• Step 2: Earnestly believe that God exists, that I matter to Him and that He has the power to help me recover.

    “Happy are those who mourn, for they shall be comforted.”

  • Step 3: Consciously choose to commit all my life and will to Christ’s care and control.

    “Happy are the meek.”

  • Steps 4 and 5: Openly examine and confess my faults to myself, to God, and to someone I trust.

    “Happy are the pure in heart.”

  • Steps 6 and 7: Voluntarily submit to any and all changes God wants to make in my life and humbly ask Him to remove my character defects.

    “Happy are those whose greatest desire is to do what God requires.”

  • Steps 8 and 9: Evaluate all my relationships. Offer forgiveness to those who have hurt me and make amends for harm I’ve done to others when possible, except when to do so would harm them or others.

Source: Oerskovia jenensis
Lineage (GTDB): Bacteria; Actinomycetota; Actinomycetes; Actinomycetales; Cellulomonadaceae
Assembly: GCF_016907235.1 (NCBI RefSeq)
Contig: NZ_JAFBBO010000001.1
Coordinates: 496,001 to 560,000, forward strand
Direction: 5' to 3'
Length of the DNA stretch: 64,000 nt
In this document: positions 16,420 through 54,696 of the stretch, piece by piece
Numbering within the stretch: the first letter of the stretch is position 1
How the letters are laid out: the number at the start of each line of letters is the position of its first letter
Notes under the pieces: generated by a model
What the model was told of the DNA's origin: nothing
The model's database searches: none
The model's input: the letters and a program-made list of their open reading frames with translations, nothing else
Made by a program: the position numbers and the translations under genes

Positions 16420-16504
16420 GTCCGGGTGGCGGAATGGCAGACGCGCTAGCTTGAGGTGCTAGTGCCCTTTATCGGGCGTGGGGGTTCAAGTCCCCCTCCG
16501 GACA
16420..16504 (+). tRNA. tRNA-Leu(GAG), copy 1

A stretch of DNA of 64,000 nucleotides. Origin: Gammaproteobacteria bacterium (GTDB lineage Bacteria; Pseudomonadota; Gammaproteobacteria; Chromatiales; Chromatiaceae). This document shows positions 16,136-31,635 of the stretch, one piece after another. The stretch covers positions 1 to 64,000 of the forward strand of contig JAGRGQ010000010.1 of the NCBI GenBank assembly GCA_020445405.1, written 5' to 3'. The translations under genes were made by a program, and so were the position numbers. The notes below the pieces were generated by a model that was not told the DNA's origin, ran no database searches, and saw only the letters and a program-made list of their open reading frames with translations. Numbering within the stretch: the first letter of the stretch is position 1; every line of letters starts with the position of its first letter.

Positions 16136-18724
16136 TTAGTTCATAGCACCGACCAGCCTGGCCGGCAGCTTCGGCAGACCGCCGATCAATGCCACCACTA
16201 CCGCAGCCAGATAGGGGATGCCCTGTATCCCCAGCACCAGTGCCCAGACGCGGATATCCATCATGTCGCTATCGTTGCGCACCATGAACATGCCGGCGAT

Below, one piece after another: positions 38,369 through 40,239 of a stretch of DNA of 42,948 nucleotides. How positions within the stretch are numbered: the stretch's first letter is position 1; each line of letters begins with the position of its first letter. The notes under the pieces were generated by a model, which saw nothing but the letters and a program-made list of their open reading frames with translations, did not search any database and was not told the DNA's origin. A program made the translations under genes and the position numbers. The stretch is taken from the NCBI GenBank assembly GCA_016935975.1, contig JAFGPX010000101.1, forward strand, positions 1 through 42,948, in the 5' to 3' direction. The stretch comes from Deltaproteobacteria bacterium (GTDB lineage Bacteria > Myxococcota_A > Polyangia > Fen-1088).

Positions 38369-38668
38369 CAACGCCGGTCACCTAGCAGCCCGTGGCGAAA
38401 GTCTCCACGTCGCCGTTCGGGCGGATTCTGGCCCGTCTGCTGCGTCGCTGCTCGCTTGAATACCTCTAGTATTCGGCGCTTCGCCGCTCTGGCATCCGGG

“Happy are the merciful.” and “Happy are the peacemakers”

  • Steps 10 and 11: Reserve a time with God for self-examination, Bible reading and prayer in order to know God and His will for my life and to gain the power to follow His will.
  • Step 12: Yield myself to God to be used to bring this good news to others, both by my example and my words.

    “Happy are those who are persecuted because they do what God requires.”

Read more http://bangordailynews.com/2011/09/30/religion/bangor-churches-offer-god-centered-recovery-program/

Relapse into drug use leads to jail

By NEIL BOWEN The Observer

Posted 2 days ago